Occupational Safety and Health Expectations

Robert, an occupational safety and health trainer, is looking for a position within a well-known manufacturing company. He has some experience, but what else will a potential employer look for when choosing a trainer?

OSHA does not approve, certify, or endorse individual trainers or training programs. OSHA standards do identify qualified trainers as those who have satisfactorily completed an instructional program (train-the-trainer) or who otherwise have the academic credentials and instructional experience necessary to teach a specific training program.

Therefore, Robert will need to first document and create a resume specific to the job. His resume should include education, training, experience in the field, and professional references.

Robert must be able to demonstrate proficiency and understanding of the material to be taught to trainees and have some credentials or experience in training adults. He must also continue to attend training in order to maintain his knowledge and skills. Although it is ultimately the responsibility of the employer to determine if Robert or another trainer meets the requirements and qualifications under OSHA, Robert should make this as easy as possible for the employer to validate his training and experience.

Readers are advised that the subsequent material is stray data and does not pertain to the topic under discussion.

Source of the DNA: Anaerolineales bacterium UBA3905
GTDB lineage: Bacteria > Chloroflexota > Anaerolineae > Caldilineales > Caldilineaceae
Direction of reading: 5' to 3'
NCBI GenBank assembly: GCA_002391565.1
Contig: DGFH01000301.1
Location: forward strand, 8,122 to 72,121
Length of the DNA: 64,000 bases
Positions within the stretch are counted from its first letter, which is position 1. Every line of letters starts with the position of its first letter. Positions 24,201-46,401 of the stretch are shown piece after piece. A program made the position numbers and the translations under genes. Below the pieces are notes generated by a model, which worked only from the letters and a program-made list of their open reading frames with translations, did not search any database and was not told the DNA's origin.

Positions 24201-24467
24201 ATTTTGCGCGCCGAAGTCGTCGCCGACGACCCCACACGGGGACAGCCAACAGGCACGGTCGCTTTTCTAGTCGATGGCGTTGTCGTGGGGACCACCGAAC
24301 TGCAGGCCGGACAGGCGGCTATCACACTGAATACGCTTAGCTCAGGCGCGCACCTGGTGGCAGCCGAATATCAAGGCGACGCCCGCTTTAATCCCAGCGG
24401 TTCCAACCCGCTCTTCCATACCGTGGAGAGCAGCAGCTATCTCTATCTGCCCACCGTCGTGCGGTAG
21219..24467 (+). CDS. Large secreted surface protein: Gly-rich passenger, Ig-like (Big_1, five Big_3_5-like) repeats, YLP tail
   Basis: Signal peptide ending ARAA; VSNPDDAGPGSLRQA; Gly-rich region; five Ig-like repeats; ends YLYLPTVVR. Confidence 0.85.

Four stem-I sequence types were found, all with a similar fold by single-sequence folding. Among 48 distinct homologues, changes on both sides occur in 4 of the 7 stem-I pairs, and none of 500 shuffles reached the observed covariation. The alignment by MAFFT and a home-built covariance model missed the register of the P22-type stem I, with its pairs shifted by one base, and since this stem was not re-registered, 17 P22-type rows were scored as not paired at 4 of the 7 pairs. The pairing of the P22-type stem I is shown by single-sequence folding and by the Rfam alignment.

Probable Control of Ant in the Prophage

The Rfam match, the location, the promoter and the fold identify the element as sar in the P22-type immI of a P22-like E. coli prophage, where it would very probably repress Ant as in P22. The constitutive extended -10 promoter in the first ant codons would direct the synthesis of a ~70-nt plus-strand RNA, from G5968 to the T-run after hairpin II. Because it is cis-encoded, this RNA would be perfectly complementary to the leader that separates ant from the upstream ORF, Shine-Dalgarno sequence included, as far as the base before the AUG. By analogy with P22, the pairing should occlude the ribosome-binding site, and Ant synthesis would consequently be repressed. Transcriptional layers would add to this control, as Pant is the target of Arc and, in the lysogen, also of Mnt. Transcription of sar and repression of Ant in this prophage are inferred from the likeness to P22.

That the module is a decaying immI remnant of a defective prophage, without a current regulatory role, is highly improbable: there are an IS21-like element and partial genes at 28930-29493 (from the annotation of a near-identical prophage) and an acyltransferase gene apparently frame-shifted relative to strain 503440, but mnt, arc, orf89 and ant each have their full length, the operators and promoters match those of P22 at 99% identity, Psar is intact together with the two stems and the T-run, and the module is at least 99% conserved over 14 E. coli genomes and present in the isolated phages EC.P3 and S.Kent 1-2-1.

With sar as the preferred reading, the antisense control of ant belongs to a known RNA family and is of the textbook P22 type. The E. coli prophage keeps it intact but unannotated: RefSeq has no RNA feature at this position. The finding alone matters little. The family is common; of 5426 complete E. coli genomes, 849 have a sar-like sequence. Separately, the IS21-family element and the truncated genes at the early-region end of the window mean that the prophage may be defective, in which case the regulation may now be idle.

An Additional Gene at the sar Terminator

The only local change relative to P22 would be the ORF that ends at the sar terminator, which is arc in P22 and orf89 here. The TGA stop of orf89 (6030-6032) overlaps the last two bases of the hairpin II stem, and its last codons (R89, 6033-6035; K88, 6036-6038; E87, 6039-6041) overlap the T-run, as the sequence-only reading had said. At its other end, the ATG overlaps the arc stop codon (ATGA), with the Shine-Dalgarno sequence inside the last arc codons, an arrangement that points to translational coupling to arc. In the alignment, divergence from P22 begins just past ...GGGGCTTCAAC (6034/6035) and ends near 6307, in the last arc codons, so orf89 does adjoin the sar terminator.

According to ANSI Z490.1-2009, Robert should be “competent” in developing and implementing the various elements of an effective safety training program. He can gain competency by achieving an appropriate level of technical knowledge, skills and abilities in the subjects they teach. Robert can gain these skills through training, continuing education, and on-the-job experience.

Robert’s potential employer will need to document his competency by maintaining course completion certificates, experience records, licensing, and other documents. The methods used to document the competency are left to the discretion of the employer.

Potential trainers, such as Robert, should also be competent in effective safety training delivery techniques and methods that are appropriate to employee learning preferences. They should be able to apply adult learning principles appropriate to the target audience and the learning objectives.

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